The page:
Designing Home Landscapes - Shamrocks For The Home Landscape

a-modern-custom-built-luxury-home-in-a-residential-neighborhood-this-high-end-house-is-very-nicely-landscaped-propertyFolks who, like me, desire to grow and wear the real shamrock of St. Patrick to celebrate the Saint and things Irish each March, probably need look no further than their lawn or nearest pasture.

Why is this? Because, as I have learned through a first rate book bought in the Irish National Botanic Gardens (Glasnevin, Dublin), there is no one plant unique to all of Ireland which can be called “shamrock”. All my years of searching for true shamrock seed to grow have been for zilch and now I find out that the plants I fancy are almost under my nose.

The myth of the shamrock begins, as you would expect, with Patrick, that ancient Briton who would later in his life become bishop to Ireland. Because of Patrick’s writings, we know more about him than about other ancient Britons of the Roman period. Nelson points out that though Patrick’s own Epistle and Confession are the only authentic sources of his life, nowhere in these letters or anything written about Patrick in the time immediately after his death is there mention of trefoils or shamrocks of any botanical kind.

Nelson’s book continues a chronological exploration of the shamrock’s history from ancient scribes, dictionary writers, mapmakers, through Kings, Queens, patriots and rebels, to artists, artisans and poets. The book is packed with enchanting black and white drawings that illustrate how the shamrock idea was and is still used as a motif in all sorts of designs and decorations. My favorite images are those of a Victorian dust-jacket for a book entitled A Daughter of Erin by Violet G. Finny, and a day dress of green poplin with separate bodice and skirt, embroidered with cream (on the skirt) and green (on the bodice) shamrocks.

The book’s final chapter Vox Hiberniae (loosely, Voice of the Irish) sets about reviewing the shamrock’s present position in modern life and whether or not the myth survives. The shamrock myth and all its fabrications are alive and well, Nelson assures the reader. He incorporates very believable and at times incomprehensible anecdotes of shamrock growing and wearing into his ending.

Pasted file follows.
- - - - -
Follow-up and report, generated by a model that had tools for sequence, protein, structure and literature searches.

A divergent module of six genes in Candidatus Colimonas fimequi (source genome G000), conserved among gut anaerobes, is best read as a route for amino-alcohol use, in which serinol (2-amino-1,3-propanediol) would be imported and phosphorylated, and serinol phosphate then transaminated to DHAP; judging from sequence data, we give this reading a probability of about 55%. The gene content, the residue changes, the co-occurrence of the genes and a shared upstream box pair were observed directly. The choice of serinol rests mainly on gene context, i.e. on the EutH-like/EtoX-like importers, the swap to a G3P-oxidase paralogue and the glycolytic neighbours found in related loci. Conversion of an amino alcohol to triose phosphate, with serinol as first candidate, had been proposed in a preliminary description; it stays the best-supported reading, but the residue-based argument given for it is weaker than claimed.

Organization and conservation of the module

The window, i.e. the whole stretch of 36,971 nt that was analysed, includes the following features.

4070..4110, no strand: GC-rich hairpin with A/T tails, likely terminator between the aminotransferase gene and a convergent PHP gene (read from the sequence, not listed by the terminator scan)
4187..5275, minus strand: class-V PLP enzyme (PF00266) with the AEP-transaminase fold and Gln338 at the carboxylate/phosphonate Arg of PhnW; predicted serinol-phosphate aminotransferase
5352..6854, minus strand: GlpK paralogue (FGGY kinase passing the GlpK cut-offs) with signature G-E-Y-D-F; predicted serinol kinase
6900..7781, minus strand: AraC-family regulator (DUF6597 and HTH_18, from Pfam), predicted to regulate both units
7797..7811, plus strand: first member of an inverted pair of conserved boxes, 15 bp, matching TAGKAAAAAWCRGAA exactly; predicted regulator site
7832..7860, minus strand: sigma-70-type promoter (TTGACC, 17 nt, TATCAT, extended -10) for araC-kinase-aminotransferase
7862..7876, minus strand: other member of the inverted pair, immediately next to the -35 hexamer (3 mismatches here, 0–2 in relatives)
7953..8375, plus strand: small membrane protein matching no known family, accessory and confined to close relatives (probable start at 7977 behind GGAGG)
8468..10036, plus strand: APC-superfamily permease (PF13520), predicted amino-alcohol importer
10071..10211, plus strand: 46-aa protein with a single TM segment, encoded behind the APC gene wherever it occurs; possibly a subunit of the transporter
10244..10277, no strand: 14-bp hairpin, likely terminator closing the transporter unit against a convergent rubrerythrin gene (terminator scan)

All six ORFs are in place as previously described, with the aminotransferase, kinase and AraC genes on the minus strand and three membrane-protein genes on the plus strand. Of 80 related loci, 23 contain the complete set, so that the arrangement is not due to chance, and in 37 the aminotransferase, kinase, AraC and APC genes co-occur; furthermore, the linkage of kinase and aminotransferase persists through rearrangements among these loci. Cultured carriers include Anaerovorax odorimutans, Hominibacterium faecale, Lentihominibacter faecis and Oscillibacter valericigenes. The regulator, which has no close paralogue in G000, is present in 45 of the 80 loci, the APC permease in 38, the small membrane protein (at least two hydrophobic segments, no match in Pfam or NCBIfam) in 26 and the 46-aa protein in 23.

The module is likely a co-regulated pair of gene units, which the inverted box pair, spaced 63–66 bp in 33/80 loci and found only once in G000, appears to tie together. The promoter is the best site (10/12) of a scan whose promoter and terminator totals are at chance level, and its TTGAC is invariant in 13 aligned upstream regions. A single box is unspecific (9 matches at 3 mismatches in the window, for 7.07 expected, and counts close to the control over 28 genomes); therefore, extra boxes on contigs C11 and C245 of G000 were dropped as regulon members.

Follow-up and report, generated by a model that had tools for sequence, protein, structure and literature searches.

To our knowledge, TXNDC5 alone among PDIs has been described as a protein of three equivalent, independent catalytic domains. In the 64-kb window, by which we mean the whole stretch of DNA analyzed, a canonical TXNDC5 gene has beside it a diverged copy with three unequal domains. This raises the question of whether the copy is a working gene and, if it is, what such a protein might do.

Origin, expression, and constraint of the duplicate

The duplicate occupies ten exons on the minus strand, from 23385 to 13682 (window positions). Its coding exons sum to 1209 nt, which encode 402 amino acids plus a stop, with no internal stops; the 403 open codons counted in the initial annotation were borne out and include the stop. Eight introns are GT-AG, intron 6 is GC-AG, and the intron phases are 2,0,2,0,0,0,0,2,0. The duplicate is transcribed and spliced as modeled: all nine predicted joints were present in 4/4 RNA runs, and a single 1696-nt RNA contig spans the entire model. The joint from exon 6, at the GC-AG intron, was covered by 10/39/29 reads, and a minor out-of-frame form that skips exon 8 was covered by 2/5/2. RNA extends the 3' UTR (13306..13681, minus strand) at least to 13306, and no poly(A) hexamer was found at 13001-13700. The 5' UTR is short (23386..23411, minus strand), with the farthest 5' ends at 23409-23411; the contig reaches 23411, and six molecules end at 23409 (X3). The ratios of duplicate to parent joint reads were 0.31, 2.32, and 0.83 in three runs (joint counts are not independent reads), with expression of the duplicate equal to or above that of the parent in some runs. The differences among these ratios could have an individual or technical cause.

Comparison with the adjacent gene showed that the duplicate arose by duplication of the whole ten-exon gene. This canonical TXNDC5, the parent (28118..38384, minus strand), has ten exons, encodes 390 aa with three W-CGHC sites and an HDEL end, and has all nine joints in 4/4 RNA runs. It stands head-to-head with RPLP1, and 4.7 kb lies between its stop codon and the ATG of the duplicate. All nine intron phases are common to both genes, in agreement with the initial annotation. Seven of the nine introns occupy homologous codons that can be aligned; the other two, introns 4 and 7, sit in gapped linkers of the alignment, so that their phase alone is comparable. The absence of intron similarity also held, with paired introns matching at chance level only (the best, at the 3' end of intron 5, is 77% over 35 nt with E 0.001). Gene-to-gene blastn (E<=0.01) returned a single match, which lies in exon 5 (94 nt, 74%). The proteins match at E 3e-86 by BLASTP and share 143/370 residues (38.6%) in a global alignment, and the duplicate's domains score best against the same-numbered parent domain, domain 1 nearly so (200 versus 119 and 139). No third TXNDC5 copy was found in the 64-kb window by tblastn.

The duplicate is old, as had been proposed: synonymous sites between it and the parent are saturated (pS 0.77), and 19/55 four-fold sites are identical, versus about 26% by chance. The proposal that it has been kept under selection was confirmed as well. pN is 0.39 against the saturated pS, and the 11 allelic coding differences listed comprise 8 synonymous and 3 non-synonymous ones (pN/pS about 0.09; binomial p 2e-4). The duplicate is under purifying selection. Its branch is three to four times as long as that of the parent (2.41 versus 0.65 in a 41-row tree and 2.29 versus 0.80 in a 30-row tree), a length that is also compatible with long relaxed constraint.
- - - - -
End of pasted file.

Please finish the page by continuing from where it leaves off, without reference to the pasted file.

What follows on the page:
But the real gem for gardeners, florists and botanists in the entire book is Nelson’s recounting of one of his taxonomic projects In a 1988 survey and research conducted at the National Botanic Gardens (Glasnevin, Dublin), shamrock samples from the wild across all Ireland were studied and compared with results from similar work carried out during the 19th century. The major thing that Nelson learned was that perceptions of the Irish shamrock as a plant have not changed much in over one hundred years.

The conclusion of both studies showed that the Irish shamrock may be one of any of these four common clovers or trefoils:

  • Lesser trefoil (seamair bhui) - Trifolium dubium or T. minor
  • White clover (seamair bhan) - Trifolium repens
  • Black medick (dumheidic) - Medicago lupulina
  • Red clover (seamair dhearg) - Trifolium pratense and in more recent times,
  • Wood sorrel (seamsog) - Oxalis acetosella but its claim to be the true shamrock was rejected as long ago as 1830.


Shamrock is clover, nothing more, nothing less. That is what the word originally meant, what it still means, and what it will mean until the end of time.

So what does that leave folks like me looking for in pastures and lawns? White Dutch clover, the low growing kind, is also known in the seed business as Shamrock or Irish clover. It is definitely a strain of Trifolium repens.

Trifolium repens also known as Shamrock or Irish Clover

This White Dutch clover, once a staple of lawns in the Northeast U.S. and parts of Canada, was the essence of my childhood summers – providing little bouquets, beestings and interesting patterns in the lawn. Although I did not realize it at the time, this familiar plant, introduced by early European colonists, has a lot going for it.

It is low growing and green through summer dry spells and before the 1950’s provided nitrogen for lawn grasses. Widespread and increasingly inexpensive use of fertilizers and herbicides changed the incidences of clover in lawns. Today, this once popular lawn component is now widely looked upon either as a weed or a forage crop.

However, white clover is slowly making a comeback in low-maintenance lawns. Residents of pesticide free zones in Canada are again using white clover for their lawns. It is growing in popularity in the Northeast United States as well. Homeowners wanting to try growing some in their own lawns, and willing to keep away from broad-leaf herbicides, will find the following characteristics of White Dutch clover very valuable.

White Dutch clover:

  • grows about four to eight inches high,
  • tolerates low mowing well,
  • spreads to fill in empty spaces,
  • stays green through dry periods of summer,
  • tolerates dog urine and
  • provides nitrogen (up to 2 pounds of N/1000 square feet) for the other grasses in the lawn, eliminating the need to fertilize.


‘Tis A Happy Wearing of the Green

To You!

Now you know you can grow and appreciate your own shamrocks as well as have an inexpensive and healthy lawn.

If you need professional tree management or yard maintenance for your house garden, Portland TT is here to help.